Massachusetts Adds “Natural Hairstyle” as a Protected Category to Anti-Discrimination Laws

The list of characteristics protected by Massachusetts anti-discrimination laws has become a bit longer with the addition of “natural hairstyle” to long-standing items such as race, gender, disability, and color. Via a bill known as the Creating a Respectful and Open World for Natural Hair Act, or CROWN Act for short, the legislature extended anti-discrimination protections in employment, schools and places of public accommodation for hairstyles that are tied to racial identity. Governor Charlie Baker signed the bill into law on July 26, 2022.

The legislature was motivated by a finding that certain hairstyles are physical traits that are central to individual dignity, autonomy and personhood. When those styles are reflective of racial characteristics, targeting them is racial discrimination, it concluded. As a result, it found, “discrimination against Black students, employees and persons participating in public accommodations because of their hair texture and the way in which their hair grows and is styled is illegal discrimination.” The new law emanates from a history of this type of misconduct. It defines “natural hairstyle” as “natural hair and protective hairstyles, which shall include, but not be limited to protective hairstyles such as braids, locs , twists and other formations.”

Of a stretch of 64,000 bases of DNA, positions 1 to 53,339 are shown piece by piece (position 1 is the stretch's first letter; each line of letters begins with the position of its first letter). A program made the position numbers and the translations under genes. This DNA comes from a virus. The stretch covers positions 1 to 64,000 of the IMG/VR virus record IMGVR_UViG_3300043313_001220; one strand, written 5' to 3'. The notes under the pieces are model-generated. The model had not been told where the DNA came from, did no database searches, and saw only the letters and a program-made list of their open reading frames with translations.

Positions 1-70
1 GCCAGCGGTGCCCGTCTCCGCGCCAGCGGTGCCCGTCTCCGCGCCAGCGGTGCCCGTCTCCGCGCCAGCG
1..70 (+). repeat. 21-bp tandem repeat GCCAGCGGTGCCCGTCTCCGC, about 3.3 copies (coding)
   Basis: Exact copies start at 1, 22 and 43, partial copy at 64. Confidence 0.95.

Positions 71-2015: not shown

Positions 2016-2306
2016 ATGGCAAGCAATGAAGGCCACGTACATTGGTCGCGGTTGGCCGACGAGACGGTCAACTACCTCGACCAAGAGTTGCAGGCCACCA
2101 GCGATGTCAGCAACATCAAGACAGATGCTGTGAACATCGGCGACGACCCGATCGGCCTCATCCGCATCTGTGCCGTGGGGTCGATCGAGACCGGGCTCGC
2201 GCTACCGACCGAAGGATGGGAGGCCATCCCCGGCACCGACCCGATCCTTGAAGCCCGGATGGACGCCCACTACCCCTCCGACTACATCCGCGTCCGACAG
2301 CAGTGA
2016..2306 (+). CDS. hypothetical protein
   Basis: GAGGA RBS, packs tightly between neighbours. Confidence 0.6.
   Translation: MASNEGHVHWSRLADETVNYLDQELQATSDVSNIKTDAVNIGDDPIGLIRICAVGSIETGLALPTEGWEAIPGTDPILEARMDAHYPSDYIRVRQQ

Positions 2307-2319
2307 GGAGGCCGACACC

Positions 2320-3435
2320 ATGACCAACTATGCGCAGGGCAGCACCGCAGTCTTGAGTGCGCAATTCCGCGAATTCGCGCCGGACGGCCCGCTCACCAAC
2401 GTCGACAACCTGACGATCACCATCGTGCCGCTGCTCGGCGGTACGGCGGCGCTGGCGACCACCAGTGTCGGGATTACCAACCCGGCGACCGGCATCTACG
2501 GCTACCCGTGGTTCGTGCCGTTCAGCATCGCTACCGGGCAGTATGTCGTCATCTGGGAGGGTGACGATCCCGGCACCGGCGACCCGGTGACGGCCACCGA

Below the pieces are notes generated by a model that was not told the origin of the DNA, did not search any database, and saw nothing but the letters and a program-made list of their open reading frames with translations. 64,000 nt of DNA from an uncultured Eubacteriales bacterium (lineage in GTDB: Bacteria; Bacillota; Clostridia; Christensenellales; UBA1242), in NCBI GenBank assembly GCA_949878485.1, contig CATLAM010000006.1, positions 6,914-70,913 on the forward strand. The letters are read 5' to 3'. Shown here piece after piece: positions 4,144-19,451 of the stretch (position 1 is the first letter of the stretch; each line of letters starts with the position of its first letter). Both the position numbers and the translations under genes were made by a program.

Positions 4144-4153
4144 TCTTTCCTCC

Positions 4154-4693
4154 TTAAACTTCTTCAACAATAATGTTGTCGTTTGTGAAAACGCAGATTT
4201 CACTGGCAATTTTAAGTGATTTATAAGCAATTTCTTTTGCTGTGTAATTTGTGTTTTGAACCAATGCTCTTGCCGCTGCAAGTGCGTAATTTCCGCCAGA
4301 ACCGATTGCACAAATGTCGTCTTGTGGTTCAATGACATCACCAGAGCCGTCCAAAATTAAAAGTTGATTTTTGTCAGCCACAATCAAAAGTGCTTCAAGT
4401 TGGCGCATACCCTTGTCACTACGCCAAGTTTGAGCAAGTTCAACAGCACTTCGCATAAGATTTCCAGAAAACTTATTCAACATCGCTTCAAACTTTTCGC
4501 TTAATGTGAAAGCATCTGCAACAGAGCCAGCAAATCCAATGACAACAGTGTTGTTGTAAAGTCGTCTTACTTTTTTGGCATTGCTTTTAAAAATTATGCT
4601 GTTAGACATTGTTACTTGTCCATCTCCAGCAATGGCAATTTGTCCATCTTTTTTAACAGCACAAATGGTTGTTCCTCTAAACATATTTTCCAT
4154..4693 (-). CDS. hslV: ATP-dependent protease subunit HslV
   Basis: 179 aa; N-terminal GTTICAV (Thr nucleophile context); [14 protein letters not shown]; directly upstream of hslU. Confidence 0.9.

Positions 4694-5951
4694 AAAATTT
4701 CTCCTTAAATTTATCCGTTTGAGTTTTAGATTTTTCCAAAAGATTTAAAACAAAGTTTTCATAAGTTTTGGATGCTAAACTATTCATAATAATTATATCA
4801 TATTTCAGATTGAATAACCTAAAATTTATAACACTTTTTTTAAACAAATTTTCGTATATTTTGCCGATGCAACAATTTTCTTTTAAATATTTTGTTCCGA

In the employment context, the statute means that employers and employment agencies must treat natural hairstyles the same way they treat race, gender and the like. They can’t advertise or use a form of job application that directly or indirectly inquires about natural hairstyles, nor can they make work decisions based on protected hair any more than they can based on other of the immutable characteristics protected by the state’s anti-discrimination statute, Mass. Gen. L. ch. 151B. Massachusetts is the 17th state to enact a hairstyle protection law. Both the Massachusetts Commission Against Discrimination, which handles employment and public accommodation issues, and the department of elementary and secondary education are expected to issue regulations on this topic at some future date.